In 1886, Butler drew a small, regional map of Dakota Territory to incorporate the newest railroad to Aberdeen. He noticed the rail lines looked like spokes of a wheel, with Aberdeen being the center, or hub. He added “The Railroad Hub of Dakota” to the map (North and South Dakota became separate states in 1889) and created a frenzy. The Aberdeen Daily News started offering stationery to businesses with the hub map printed at the top and on accompanying envelopes. Aberdeen residents loved the term, and it was quickly adopted throughout the town. The national media separately picked up on this hub concept as it touted Aberdeen’s rapid and impressive five-year initial development. In fact, the media may have preempted Butler’s hub claim by a couple years.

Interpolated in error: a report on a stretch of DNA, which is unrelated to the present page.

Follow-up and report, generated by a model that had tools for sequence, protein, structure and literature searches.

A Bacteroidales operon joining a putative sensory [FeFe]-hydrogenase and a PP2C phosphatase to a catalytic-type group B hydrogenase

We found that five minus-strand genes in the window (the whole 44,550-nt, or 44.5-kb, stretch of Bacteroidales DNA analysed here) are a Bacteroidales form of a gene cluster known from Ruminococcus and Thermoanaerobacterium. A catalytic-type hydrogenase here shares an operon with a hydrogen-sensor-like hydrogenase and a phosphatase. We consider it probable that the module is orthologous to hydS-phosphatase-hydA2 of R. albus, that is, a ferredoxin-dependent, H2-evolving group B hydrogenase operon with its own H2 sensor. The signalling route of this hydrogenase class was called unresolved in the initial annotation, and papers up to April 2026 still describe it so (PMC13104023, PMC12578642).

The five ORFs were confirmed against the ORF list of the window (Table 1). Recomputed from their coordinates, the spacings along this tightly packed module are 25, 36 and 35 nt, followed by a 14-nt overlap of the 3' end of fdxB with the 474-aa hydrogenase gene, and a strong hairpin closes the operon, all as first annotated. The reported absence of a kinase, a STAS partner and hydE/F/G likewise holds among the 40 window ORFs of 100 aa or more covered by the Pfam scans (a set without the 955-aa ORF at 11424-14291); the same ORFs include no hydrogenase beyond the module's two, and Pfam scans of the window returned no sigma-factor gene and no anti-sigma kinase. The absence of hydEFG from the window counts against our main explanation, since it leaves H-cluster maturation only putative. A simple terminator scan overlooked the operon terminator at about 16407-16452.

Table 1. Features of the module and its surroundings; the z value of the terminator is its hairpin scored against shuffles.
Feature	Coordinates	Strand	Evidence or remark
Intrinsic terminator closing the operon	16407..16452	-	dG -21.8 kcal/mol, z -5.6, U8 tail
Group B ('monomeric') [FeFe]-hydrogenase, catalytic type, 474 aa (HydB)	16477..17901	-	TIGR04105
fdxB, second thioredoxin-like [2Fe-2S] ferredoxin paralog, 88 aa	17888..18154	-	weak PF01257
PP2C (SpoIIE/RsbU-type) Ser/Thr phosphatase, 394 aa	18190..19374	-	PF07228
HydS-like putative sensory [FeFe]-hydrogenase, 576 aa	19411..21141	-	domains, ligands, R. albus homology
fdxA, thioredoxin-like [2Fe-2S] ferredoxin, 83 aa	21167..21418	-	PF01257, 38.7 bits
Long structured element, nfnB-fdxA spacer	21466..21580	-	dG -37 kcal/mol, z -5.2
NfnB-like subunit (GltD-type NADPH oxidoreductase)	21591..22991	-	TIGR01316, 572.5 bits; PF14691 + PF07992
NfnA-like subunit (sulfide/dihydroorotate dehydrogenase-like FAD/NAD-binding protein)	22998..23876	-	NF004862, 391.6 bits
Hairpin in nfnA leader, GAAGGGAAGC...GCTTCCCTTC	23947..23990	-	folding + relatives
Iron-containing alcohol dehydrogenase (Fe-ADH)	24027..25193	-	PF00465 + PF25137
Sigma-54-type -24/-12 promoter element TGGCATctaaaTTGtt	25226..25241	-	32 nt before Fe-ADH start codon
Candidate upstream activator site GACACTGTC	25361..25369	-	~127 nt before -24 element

It’s interesting to see on a map that the slightly older city of Watertown also had many railroad lines emanating from it, just like Aberdeen. Yet Aberdeen, despite being platted later, took off and surpassed Watertown in population, hype, and number of businesses. Perhaps the marketing of “The Railroad Hub of Dakota” had more impact on prospectors than simply “Watertown.” Businesses wanted to be in a town at the center of all the action. Who wouldn’t want to locate their business to a place known as The Hub?